Here are the latest updates for Changhui Tan's research profile.

Here is the Curriculum Vitae and List of Publications.


Yatao Li, Qianyun Miao, Changhui Tan and Liutang Xue


We investigate global solutions to the Euler-alignment system in d dimensions with unidirectional flows and strongly singular communication protocols \(\phi(x)=|x|^{-d+\alpha}\) for \(\alpha\in(0,2)\). Our paper establishes global regularity results in both the subcritical regime \(1<\alpha<2\) and the critical regime \(\alpha=1\). Notably, when \(\alpha=1\), the system exhibits a critical scaling similar to the critical quasi-geostrophic equation. To achieve global well-posedness, we employ a novel method based on propagating the modulus of continuity. Our approach introduces the concept of simultaneously propagating multiple moduli of continuity, which allows us to effectively handle the system of two equations with critical scaling. Additionally, we improve the regularity criteria for solutions to this system in the supercritical regime \(0<\alpha<1\).

 This work is supported by NSF grants DMS #2108264 and DMS #2238219


Trevor M. Leslie and Changhui Tan


We show that the locations where finite- and infinite-time clustering occurs for the 1D Euler-alignment system can be determined using only the initial data. Our present work provides the first results on the structure of the finite-time singularity set and asymptotic clusters associated to a weak solution. In many cases, the eventual size of the cluster can be read off directly from the flux associated to a scalar balance law formulation of the system.

 This work is supported by NSF grants DMS #2108264 and DMS #2238219


I am honored to be awarded an NSF CAREER grant (DMS #2238219) on a five-year project: Nonlocal Partial Differential Equations in Collective Dynamics and Fluid Flow


Collective behaviors are ubiquitous in nature and society. The mathematical study of collective dynamics has been active and fast-growing in recent decades. Many models have been proposed and analyzed to explain the intrinsic nonlocal interactions and the resulting complex emergent phenomena. These models are described by nonlocal partial differential equations. They have deep connections to classical systems in fluid dynamics. The goal of this project is to develop novel and robust analytical techniques to understand the collective behaviors driven by nonlocal structures. The training and professional development of graduate students and young researchers is an integral part of the project.

The project studies three families of partial differential equations with shared nonlocal structures that can affect the solutions of the equations: existence, uniqueness, regularity, and long-time asymptotic behaviors. The first problem is on the compressible Euler system with nonlinear velocity alignment, which describes the remarkable flocking phenomenon in animal swarms. Global phenomena and asymptotic behaviors of the system will be investigated, with a focus on the nonlinearity in the velocity alignment. The second problem is on the pressureless Euler system, aiming at the long-standing question of the uniqueness of weak solutions. The plan is to approximate the system by the relatively well-studied Euler-alignment system in collective dynamics. The third problem is on the Euler-Monge-Ampère system which is closely related to the incompressible Euler equations in fluid dynamics. The embedded nonlocal geometric structure of the system will be explored, with interesting applications in optimal transport and mean-field games.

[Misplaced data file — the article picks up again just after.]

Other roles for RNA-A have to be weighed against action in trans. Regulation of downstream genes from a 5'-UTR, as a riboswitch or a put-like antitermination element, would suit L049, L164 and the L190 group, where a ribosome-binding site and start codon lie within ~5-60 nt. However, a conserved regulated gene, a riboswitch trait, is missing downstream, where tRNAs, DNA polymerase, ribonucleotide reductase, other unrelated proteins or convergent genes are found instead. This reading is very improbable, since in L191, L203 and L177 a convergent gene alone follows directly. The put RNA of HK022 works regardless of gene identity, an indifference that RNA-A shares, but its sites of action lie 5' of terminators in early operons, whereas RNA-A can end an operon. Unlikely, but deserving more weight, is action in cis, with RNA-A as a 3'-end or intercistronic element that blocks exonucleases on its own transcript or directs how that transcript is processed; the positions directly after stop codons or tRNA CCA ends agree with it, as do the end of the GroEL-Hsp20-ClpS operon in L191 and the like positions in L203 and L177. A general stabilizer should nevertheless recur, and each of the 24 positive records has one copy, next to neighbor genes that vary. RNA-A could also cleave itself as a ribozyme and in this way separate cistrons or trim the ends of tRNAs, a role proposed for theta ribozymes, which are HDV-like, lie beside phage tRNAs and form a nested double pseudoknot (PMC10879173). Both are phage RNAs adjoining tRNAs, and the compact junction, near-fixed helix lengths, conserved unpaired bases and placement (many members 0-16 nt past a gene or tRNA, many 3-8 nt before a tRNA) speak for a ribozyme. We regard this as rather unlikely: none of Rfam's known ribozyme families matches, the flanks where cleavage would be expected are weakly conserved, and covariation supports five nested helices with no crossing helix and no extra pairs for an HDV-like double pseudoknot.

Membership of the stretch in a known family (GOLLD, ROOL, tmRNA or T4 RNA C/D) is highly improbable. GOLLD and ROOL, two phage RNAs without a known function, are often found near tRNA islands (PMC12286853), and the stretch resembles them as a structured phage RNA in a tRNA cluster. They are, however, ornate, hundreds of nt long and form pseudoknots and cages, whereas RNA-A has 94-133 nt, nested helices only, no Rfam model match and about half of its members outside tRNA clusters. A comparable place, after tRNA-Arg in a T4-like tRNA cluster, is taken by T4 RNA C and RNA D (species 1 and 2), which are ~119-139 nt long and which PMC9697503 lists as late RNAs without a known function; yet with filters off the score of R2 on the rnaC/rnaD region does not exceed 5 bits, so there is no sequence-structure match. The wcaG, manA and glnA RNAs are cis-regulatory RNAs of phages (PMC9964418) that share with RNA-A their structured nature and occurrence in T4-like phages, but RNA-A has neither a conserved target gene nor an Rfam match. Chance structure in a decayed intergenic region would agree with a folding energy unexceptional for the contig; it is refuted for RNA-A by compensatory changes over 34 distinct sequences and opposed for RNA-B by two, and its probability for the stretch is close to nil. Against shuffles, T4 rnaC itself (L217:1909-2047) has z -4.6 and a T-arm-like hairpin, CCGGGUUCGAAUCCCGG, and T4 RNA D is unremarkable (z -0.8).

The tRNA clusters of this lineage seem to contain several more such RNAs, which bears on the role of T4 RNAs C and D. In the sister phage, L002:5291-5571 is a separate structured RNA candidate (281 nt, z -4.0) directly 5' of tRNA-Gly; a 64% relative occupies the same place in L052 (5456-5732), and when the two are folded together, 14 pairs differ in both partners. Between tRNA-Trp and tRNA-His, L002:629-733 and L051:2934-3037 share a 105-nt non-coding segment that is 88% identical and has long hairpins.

This award reflects NSF's statutory mission and has been deemed worthy of support through evaluation using the Foundation's intellectual merit and broader impacts review criteria.

   NSF award page on the grant DMS #2238219


McKenzie Black and Changhui Tan

Journal of Differential Equations, Volume 380, pp. 198-227 (2024)


We consider the pressureless compressible Euler system with a family of nonlinear velocity alignment. The system is a nonlinear extension of the Euler-alignment system in collective dynamics. We show the asymptotic emergent phenomena of the system: alignment and flocking. Different types of nonlinearity and nonlocal communication protocols are investigated, resulting in a variety of different asymptotic behaviors.

 Download the Published Version
 This work is supported by NSF grants DMS #2108264 and DMS 2238219
 This work is supported by a UofSC VPR SPARC grant.


Xiang Bai, Qianyun Miao, Changhui Tan and Liutang Xue


In this paper, we study the Cauchy problem of the compressible Euler system with strongly singular velocity alignment. We prove the existence and uniqueness of global solutions in critical Besov spaces to the considered system with small initial data. The local-in-time solvability is also addressed. Moreover, we show the large-time asymptotic behavior and optimal decay estimates of the solutions as \(t\to\infty\).

 This work is supported by NSF grant DMS #1853001 and DMS #2108264
Page 1 of 8